Luncheons

Adventures in Scientific Drilling: A Geophysicist’s Perspective

Doug Schmitt

Doug Schmitt
2018 CSEG Distinguished Lecturer

Wednesday, June 20th, 2018 – 11:30 AM
Calgary Petroleum Club, Devonian Room (+15 Level), 319 5 Ave SW

Abstract

Although relatively rare on human time scales, devastating hypervelocity impacts of extraterrestrial bodies to the earth have played a role in the development of earth's climate and in the evolution of life.  This realization has really only developed over the last half century, with many Canadian scientists making important early contributions.  Much remains to be learned about these structures particularly with regards to how they take shape in the seconds and minutes after the impact.  Geophysics can help us peek into these structures from the surface and scientific drilling allows us to lift the covers.  I will discuss our work towards understanding such structures using examples from the Bosumtwi structure, Ghana; the Bow City Structure, Alberta; and most recently the Chicxulub Structure, Yucatan.   The Bosumtwi Structure is an ~ 8 km diameter crater created about 1 Ma.  Seismic profiling across the crater showed the existence of a clear central peak.   We carried out high resolution vertical seismic profiles (VSP's) within this peak that confirmed that it was essentially seismically ‘transparent' (due to high scattering).  Further, the material seismic wave speeds were substantially lower that those expected to provide the first hints that damage strongly affects the mechanical properties.  The Bow City, Alberta, Structure is hidden from the surface and only discovered during regional stratigraphic mapping of near surface formations by the Alberta Geological Survey.  A combination of legacy industry data and our own high-resolution profiling revealed both normal faulting due to block slumping at the crater edge and a complex central peak. Seismic wave speed tomographic analysis, too, show decreased P-wave speeds beneath the central peak.  Finally, we recently participated in the ICDP/IODP Exp. 364 Chicxulub Impact Drilling Project being responsible for carrying out the vertical seismic profiles.  The impact that produced this >20 km diameter structure occurred at the Cretaceous-Paleogene boundary (but as this is a geophysical talk I can get away using K-T boundary).   Such a large project includes many researchers and a wealth of data for comparison.  Earlier marine seismic profiling outlined the ‘peak ring' structure giving indications of anomalously low seismic velocities.  These were all confirmed during drilling in sonic logs, the VSP, and from the core.  The core consisted of blocks of highly damaged granite displaced from deep in the crust interspersed with mixtures of melt/rock mix.  Velocities and densities indicate unexpectedly high porosities.   Measurements on the core under pressure in the Alberta/Purdue Experimental Geophysics Group Rock Physics lab also confirm the anomalously low wave speeds.  However, the velocity deficits in the granite appear related to extensive microcrack damage while those in the melts may arise from open pore spaces as seen in micro-CT imaging.   The damaged granites will hopefully lead us to some estimates of the intensity of the shock waves that the rock was subject to in the impact.  During this, I hope to also instill some of the sense of hard work and fun that comes from being involved with such highly collaborative, multidisciplinary scientific drilling projects.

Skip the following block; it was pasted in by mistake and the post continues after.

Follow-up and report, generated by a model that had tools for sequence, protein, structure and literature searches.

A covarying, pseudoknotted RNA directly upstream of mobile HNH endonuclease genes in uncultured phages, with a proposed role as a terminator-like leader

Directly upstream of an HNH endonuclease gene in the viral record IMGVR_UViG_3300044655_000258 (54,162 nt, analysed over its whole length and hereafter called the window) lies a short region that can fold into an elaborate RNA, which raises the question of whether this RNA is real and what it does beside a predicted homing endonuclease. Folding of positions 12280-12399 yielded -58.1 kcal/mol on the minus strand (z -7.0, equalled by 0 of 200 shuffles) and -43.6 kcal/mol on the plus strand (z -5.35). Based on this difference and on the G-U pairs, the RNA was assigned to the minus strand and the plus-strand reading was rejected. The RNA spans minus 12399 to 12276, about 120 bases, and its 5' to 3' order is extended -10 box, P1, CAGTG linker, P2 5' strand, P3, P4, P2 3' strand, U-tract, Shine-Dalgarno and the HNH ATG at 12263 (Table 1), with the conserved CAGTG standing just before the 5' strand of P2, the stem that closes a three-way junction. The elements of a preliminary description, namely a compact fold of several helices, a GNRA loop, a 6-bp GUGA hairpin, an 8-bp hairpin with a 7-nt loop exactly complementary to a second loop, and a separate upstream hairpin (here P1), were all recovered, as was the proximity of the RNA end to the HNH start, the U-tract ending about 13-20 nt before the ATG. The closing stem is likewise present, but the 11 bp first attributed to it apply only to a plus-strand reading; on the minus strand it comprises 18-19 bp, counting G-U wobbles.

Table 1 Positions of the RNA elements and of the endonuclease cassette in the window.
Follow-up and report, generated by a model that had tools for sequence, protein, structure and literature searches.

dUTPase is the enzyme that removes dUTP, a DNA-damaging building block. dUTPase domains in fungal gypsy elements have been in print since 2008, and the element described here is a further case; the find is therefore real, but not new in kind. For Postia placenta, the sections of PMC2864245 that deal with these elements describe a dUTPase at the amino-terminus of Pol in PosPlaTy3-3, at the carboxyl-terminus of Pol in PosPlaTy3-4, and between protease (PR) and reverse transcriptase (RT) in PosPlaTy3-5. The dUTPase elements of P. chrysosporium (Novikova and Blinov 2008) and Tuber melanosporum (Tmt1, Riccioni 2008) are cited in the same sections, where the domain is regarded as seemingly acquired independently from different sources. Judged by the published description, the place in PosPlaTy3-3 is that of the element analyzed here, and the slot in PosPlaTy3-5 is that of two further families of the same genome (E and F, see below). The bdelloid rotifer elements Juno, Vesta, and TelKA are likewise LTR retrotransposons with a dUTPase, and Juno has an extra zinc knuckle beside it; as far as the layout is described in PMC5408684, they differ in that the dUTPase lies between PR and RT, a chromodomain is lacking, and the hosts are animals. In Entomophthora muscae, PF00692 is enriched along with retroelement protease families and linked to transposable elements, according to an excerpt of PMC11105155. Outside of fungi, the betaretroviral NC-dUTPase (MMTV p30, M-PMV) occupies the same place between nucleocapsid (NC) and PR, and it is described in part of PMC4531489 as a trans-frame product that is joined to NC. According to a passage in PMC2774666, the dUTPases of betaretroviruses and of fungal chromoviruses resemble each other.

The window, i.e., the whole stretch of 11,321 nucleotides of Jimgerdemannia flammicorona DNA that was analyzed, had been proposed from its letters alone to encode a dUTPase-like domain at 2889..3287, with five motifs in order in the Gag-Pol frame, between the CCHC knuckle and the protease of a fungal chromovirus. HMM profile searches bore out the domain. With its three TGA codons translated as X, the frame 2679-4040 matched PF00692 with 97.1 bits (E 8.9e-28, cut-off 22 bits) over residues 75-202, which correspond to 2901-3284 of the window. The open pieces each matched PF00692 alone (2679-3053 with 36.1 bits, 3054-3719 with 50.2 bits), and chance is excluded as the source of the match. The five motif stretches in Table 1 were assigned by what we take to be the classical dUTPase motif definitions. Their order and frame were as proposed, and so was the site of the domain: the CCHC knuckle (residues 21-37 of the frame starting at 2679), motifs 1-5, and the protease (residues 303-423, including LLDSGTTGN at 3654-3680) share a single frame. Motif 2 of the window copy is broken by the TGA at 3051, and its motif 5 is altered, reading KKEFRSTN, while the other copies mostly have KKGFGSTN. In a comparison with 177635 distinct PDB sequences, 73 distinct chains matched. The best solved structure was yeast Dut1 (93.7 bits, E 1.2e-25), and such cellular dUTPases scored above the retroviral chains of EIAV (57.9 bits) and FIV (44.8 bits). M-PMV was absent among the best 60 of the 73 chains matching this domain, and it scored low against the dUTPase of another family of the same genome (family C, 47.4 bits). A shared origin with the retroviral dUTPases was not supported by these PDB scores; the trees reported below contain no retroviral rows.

Biography

Doug Schmitt is the Stephen and Karen Brand Professor of Unconventional Resources in the Dept. of Earth, Atmospheric, and Planetary Sciences at Purdue University since January this year, after completing 29 years in the Dept. of Physics at the University of Alberta.  Doug leads the Experimental Geophysics Group, a hands-on team that conducts a variety of field and unique laboratory rock physics and geomechanics experiments.   Notably, numerous scientific drilling projects have sought out this expertise; and his team has now worked on over a dozen projects on six continents in environments ranging from the equator to both the Artic and Antarctic.  Doug is a graduate of the University of Lethbridge and the California Inst. of Technology, and has worked as an exploration geophysicist in Calgary and as a postdoctoral researcher at Stanford University. He recently completed two terms as a Canada Research Chair in Rock Physics.   He has also recently been named an editor of the Tier 1 Journal of Geophysical Research-Solid Earth and continues into a 16th year on the Board of Examiners for APEGA.